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Re: "if (i == n) ++i;" or "i += i == n;"?


Erik writes:
 > Suppose that we have a function f that can be written in 2 ways with 
 > identical result:
 > unsigned int f(unsigned int i, unsigned int n) {++i; if (i == n) ++i; 
 > return i;}
 > unsigned int f(unsigned int i, unsigned int n) {++i; i += i == n; return i;}
 > 
 > g++ -O3 produces different code for the 2 versions:
 >         pushl   %ebp
 >  .LCFI0:
 > +       xorl    %edx, %edx
 >         movl    %esp, %ebp
 >  .LCFI1:
 > -       movl    8(%ebp), %edx
 > -       leal    1(%edx), %eax
 > +       movl    8(%ebp), %eax
 > +       incl    %eax
 >         cmpl    12(%ebp), %eax
 > -       je      .L6
 >         popl    %ebp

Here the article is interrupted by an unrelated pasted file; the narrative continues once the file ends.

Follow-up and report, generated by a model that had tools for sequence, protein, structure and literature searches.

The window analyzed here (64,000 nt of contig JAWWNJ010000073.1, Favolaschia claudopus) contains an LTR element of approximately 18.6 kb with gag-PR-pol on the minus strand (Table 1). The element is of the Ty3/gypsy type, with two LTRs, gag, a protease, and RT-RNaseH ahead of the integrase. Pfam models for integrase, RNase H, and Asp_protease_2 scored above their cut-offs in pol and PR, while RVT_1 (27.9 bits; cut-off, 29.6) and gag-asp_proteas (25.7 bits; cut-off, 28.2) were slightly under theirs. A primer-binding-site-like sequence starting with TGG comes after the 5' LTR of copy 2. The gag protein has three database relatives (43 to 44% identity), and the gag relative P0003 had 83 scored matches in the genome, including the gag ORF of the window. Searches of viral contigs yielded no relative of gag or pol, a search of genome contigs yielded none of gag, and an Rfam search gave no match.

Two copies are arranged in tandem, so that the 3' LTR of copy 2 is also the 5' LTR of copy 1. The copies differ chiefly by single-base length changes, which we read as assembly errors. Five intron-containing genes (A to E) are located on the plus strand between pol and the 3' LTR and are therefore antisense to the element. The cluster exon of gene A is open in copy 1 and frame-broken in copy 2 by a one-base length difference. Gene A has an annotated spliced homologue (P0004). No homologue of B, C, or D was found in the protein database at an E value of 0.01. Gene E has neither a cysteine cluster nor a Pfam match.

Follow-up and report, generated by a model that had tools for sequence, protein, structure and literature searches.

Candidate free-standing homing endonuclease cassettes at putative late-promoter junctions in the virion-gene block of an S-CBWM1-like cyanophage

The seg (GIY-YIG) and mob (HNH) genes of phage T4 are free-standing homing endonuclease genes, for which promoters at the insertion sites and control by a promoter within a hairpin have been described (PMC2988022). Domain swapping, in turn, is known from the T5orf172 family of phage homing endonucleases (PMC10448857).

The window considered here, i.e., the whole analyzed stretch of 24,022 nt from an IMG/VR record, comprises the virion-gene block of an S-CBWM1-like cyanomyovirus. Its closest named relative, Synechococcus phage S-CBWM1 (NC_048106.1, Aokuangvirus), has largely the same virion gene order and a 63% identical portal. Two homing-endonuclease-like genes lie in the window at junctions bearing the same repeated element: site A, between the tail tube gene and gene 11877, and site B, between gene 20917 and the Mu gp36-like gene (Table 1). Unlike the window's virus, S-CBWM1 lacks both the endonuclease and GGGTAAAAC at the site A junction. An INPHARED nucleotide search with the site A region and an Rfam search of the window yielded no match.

> -       ret
 > -       .p2align 4,,7
 > -.L6:
 > -       popl    %ebp
 > -       leal    2(%edx), %eax
 > +       sete    %dl
 > +       addl    %edx, %eax
 >         ret
 >  .LFE2:
 > 
 > This implies that one of the following 3 statements holds:
 > 1. The 2 versions of f are indeed not identical.
 > 2. The 2 versions of the generated code are equally efficient, so the 
 > difference does not matter.
 > 3. g++ generates suboptimal code for one of the versions of f.
 > 
 > Anyone knows which statement holds.

Probably 3.  Looking at the optimized code dump, we have:


unsigned int f1(unsigned int, unsigned int) (i, n)
{
  unsigned int i.24;

<bb 2>:
  i.24 = i + 1;
  if (i.24 == n) goto <L0>; else goto <L1>;

<L0>:;
  i.24 = i.24 + 1;

<L1>:;
  return i.24;

}

unsigned int f2(unsigned int, unsigned int) (i, n)
{
  unsigned int i.49;
  unsigned int D.2439;

<bb 2>:
  i.49 = i + 1;
  D.2439 = i.49 == n;
  return D.2439 + i.49;

}


I note that identical code is generated for the two functions at -O1.

I don't know which is faster.

Andrew.


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